For his live headline AV performance at Bain Mathieu, Greene filled up the entirety of an empty swimming pool with an arrangement of silk screens hung from two sections of the ceiling onto which images were projected in sync with the beats and lights. Greene wanted to provide a sense of warmth in his set and maintain a level of intimacy behind all the synths. (After all, this is the guy who wants to bring back sensuality and romance to R&B.) The whole visual setup was a collaborative effort with artists Melissa Matos, Jason Voltaire, Adam Hummell, and Shadi Asadi.
We caught up with the newly Toronto-based producer after his lecture; dive into our discussion, below.
How does it feel to be a part of this big program in your hometown?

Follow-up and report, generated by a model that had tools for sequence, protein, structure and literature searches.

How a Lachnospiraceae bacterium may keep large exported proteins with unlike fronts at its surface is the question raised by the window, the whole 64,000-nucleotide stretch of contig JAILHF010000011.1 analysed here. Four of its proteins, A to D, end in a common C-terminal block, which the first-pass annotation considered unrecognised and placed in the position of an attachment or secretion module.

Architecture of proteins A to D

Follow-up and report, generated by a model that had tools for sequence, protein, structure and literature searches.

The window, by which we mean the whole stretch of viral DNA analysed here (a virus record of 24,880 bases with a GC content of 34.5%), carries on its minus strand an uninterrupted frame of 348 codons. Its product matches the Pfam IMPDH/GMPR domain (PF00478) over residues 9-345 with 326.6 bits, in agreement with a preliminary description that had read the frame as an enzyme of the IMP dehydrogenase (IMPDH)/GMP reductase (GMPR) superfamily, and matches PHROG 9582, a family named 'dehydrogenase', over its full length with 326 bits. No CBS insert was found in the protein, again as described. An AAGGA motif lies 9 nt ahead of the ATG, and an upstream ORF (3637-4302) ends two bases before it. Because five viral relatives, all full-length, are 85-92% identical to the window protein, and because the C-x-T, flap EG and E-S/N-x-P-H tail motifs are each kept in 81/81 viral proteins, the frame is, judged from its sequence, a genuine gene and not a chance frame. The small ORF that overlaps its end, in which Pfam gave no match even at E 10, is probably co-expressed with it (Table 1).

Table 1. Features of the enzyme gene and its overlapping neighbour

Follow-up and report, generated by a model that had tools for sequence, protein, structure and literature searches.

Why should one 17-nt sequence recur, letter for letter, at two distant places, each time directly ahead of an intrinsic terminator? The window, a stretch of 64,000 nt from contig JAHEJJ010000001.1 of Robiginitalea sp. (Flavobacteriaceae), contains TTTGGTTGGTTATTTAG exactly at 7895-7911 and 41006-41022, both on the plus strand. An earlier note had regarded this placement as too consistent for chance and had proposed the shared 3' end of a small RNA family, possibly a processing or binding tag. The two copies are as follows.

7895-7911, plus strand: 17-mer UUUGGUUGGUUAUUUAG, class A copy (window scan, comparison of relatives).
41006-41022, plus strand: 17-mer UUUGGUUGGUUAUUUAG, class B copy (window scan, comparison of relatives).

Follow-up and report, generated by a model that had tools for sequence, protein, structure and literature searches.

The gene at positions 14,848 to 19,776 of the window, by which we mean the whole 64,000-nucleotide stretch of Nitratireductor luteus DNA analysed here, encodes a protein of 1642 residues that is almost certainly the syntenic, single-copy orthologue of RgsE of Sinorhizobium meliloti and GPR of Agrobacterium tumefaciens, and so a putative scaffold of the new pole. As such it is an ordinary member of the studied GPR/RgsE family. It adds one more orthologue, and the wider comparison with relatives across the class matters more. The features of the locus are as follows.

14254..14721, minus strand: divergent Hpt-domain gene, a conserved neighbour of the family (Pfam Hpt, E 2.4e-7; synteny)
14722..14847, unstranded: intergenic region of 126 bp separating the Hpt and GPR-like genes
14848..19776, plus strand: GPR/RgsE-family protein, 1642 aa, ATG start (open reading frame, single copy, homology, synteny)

It’s pretty cool. It’s very much against the nature of Montréal. I feel like we’re so low-key here, like even to the point [where] when a big band like Arcade Fire comes back, they usually just do a secret show in a church. Everything is downplayed. I’ve been the same way where I had a hit single, and instead of licensing it to Ministry of Sound and getting a million remixes, I was like, “No, I’m now ashamed that I have a big song.” I think that’s part of the nature here—this low-key vibe. This is such an extravagant moment, but it’s awesome. It’s really cool because all of us here are modest to a fault. Things remain kind of small scale, so having something that is forcing all of these Montréal people to make some noise... It’s really bringing a lot of people together from the city, and everyone is stoked.
In the lecture, you talked about how you collaborate with a variety of artists from Montréal. Why is that important to you?